Sidwell has done so well, he is one of 42 vendors who can wear an ID from the paper that says they belong to the “600 Club,” meaning they sell more than 600 papers a month.
That means they lay claim to selling the paper at a particular spot, in this case, for Sidwell, the QFC entrance at Southwest Alaska Street and 42nd Avenue Southwest. He sells papers there and at the nearby post office.
He says he always tried to sound cheerful, and it’s seldom that he gets a negative reaction.
“Sometimes somebody will say, “Get a job” or “Quit doing drugs and booze.”
Sidwell says he’ll reply, “I’ve been clean and sober for 17½ years.”
Right now, the vendors pay 35 cents a copy, and so, before tips, make 65 cents per paper sold.
The nonprofit has a policy that includes giving five free papers a month for vendors starting out, and in exchange for chores such as sweeping at the Real Change headquarters.
On Wednesday, the vendors will pay 60 cents a copy, and, from the $2 sale, get to keep $1.40.
The extra 25 cents that Real Change will get — as the vendors pay 60 cents instead of 35 cents — could add $200,000 to the paper “in the rosiest of scenarios,” says Harris.
Harris says Real Change has an annual budget of nearly $1 million. Its 2012 annual report says streets sales contributed less than a third to that budget, with donations, a fundraising breakfast and grants covering much of the rest.
A good chunk of that $1 million in expenses is for its paid staff of 14, ranging from an editor to an office manager who average $45,500 a year in salary and health benefits. Harris’ compensation was the highest, at around $67,000.
He says, “We have thought a lot about our pay scale. There is a United Way annual survey of nonprofit wages, and we intentionally have a salary structure on the low side of average. With a staff of 14, we‘re barely getting it done. We manage 300 vendors a month, and put out a quality weekly paper, and we have an advocacy arm for the homeless.”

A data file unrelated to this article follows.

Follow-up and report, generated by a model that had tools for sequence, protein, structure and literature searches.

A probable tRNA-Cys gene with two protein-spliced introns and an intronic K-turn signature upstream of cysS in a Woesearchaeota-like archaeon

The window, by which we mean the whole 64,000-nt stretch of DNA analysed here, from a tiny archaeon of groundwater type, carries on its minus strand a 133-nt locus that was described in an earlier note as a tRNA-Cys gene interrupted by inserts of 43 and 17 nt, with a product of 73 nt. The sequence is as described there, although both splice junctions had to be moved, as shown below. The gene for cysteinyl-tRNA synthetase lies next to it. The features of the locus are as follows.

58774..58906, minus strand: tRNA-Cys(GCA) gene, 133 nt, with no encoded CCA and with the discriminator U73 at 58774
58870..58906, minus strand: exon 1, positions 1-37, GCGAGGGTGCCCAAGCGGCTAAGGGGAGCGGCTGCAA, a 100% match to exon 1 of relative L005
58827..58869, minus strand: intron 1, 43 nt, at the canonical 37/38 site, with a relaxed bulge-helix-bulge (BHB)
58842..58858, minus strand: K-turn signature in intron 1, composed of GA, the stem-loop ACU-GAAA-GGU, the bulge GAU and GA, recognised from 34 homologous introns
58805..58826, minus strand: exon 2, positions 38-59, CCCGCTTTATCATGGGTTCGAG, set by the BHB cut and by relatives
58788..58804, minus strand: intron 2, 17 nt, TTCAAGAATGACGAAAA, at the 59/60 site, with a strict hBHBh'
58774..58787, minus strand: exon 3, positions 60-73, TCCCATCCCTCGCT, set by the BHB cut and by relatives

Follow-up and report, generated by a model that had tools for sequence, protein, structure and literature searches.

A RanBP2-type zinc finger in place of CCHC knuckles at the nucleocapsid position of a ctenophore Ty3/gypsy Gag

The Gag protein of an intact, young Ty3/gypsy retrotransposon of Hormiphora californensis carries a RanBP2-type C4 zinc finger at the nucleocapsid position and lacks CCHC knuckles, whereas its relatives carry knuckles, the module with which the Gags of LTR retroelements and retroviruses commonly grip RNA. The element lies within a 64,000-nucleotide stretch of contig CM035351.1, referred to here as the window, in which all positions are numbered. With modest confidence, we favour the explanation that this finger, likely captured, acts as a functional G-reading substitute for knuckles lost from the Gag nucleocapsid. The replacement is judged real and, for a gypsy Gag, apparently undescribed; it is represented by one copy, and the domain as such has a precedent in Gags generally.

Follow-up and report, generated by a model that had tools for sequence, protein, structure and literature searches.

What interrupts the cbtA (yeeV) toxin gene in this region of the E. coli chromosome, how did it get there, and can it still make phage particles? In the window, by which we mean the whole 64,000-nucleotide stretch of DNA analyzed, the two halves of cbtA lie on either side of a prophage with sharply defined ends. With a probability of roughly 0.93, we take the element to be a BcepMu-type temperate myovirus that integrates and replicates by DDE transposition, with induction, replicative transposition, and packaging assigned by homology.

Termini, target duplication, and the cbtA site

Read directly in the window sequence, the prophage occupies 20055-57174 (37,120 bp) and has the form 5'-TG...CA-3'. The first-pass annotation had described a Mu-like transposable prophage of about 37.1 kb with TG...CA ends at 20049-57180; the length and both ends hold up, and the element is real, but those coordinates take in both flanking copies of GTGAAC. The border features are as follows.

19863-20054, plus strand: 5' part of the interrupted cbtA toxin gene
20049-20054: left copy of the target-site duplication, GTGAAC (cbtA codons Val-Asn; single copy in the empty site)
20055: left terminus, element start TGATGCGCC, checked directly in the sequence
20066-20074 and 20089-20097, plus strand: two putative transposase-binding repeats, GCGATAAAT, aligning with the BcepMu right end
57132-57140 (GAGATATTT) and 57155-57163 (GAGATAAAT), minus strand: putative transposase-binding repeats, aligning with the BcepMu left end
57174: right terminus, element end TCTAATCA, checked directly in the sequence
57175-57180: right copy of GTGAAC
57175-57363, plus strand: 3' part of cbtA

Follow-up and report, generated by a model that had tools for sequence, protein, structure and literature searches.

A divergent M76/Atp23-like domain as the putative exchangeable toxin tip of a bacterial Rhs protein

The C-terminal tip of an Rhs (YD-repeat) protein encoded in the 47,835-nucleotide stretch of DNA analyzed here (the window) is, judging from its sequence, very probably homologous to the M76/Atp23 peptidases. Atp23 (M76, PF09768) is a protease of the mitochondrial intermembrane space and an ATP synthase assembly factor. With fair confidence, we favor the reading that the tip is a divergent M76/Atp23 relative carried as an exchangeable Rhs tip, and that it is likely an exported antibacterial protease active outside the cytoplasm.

At the QFC, on this day, one of Sidwell’s customers is Jessica Dodge.
“I’m a freelance artist. I don’t have a lot of disposable income. I may buy it marginally less if I don’t have a couple of bucks,” she says about the price increase.
Dodge also says that she does read the paper and has seen it improve over the years.
Harris says he knows some people buy Real Change as a way to help the homeless, but don’t actually read it.
That’s one of the reasons staffers with journalism experience were brought in, “to professionalize it,” he says.
He says, “I run into this all the time. I still hear regularly from people saying they had bought the paper for three years, and finally read a story that was on the cover, and they say, ‘It’s actually a good newspaper.’”
Says Dodge, “It’s definitely improved over time. At first it had a newslettery feel to it. It still has some schlocky poetry, but even if a lot of people aren’t reading it, it’s a voice for a population that is spoken about but not often heard from.”
On this afternoon, Sidwell says, “I try not let it get me down,” as he keeps greeting potential customers, and mostly keeps getting ignored.
In the Internet age, that is a print-world reality.
News researcher Miyoko Wolf contributed to this report.
Erik Lacitis: 206-464-2237 or firstname.lastname@example.org